I have always been keen on learning the local language wherever I found myself. At least, I would try. Now in South Africa, one is faced with no less than 11 official languages. Which one should I learn? Maybe I can skip English all right. Remains 10…
That is one issue. Another one is, how those languages are spread over the country. If only I could choose the one that is spoken locally, I’d be content with that. While this could make sense in provinves like KwaZulu-Natal (predominantly Zulu) or the Western Cape (Afrikaans and some Xhosa), in the most populous and urbanized province of Gauteng where I stay, this is another matter. Here, the whole of South Africa meets.
Can you spot Gauteng? Perhaps the smallest province, but with drops of all colours in it.
In townships, people seem to mix those languages. I know of one township whose name, Soshanguve (north of Pretoria), explicitely roots from a gathering of all indigenous populations (a political will of ruling over people’s habitat at the time) : Sotho – Shangani –Nguni – Venda.
- The Sotho languages group together Southern and Northern Sotho with Tswana.
- Nguni languages include Ndebele, Swati, Zulu and Xhosa.
- Shangani is another name for Tsonga
- and Venda is another less-spoken language in the Eastern part of the country.
The mish-mash of languages spoken in Gauteng, between Johannesburg and Pretoria is often associated with Tsotsitaal, the slang or street lingo. From what I understand, tsotsi is a Zulu word for a ‘thug’, and taal is Afrikaans for ‘language’.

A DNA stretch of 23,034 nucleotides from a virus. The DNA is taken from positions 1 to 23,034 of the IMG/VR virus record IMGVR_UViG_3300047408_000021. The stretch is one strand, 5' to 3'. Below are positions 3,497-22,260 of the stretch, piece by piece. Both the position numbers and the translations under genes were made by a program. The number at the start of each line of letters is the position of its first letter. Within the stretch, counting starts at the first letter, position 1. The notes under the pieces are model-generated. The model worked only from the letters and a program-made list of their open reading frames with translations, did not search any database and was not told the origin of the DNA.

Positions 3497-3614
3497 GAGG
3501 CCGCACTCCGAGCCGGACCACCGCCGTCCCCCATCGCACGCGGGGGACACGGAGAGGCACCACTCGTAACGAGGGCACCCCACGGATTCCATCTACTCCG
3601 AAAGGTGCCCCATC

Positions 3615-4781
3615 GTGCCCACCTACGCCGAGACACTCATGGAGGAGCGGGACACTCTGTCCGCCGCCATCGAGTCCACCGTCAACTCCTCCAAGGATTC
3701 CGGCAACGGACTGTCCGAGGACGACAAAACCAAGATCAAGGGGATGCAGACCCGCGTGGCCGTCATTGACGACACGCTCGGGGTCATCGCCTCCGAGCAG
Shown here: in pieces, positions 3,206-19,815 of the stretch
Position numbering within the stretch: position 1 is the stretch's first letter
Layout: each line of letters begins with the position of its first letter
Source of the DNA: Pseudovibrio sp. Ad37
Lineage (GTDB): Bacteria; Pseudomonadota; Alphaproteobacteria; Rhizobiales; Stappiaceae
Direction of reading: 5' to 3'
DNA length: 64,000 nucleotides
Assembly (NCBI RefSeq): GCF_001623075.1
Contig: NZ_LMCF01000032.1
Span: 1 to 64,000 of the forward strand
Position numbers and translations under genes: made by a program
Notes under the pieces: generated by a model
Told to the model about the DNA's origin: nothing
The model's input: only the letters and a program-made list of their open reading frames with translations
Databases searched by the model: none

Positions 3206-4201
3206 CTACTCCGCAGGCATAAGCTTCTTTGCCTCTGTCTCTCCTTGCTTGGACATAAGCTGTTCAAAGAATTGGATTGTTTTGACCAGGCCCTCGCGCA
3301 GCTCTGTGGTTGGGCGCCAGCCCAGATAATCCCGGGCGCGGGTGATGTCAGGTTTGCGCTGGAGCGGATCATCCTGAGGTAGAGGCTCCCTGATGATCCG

Now you would think that would make perfect sense for me to pick tsotsitaal over all the other. I will hopefully catch some of it anyway, but I wanted to try and learn some language I could use for NLP. Back in 2000, I had caught a few words of Afrikaans and Pedi, which is the closest you can get to ‘local language’ in Pretoria. This time, motivated by both the easiness of learning the most widely understood autochtonous language and some already existing NLP work, I am focusing on Zulu instead. I found out that whenever Black students were meeting, of different language groups, Zulu was the one they would switch to. Alright, I would still love to get some Pedi or even Venda (apparently speaking Venda qualifies you as a language genius here, while many claim to speak at least six of the official languages or… all of them), I would love to praat Afrikaans but hey, let me start somewhere.
Initially, I bought a book, did not find it very useful. I lent it to a Zulu friend of mine for inspection, and I have not seen it since then. Actually, it does not matter much. I’m getting an almost daily dose of Zulu through memrise (the free version, see below). Or I watch Dingani’s videos directly on Youtube.
I still can’t do much more than greeting and thanking people, bidding farewell in a polite manner or say something like : “the boy sees the dog” (umfana ubona inja). But I’m keeping up and hopefully soon I’ll be able to grasp the Zulu lyrics in that Johhnny Clegg’s song I heard in childhood. Or in the maskandi blues-like Zulu music.
Kancane kancane… (little by little)
Here’s a tsotsitaal dictionary
Memrise your Zulu
Zulu with Dingani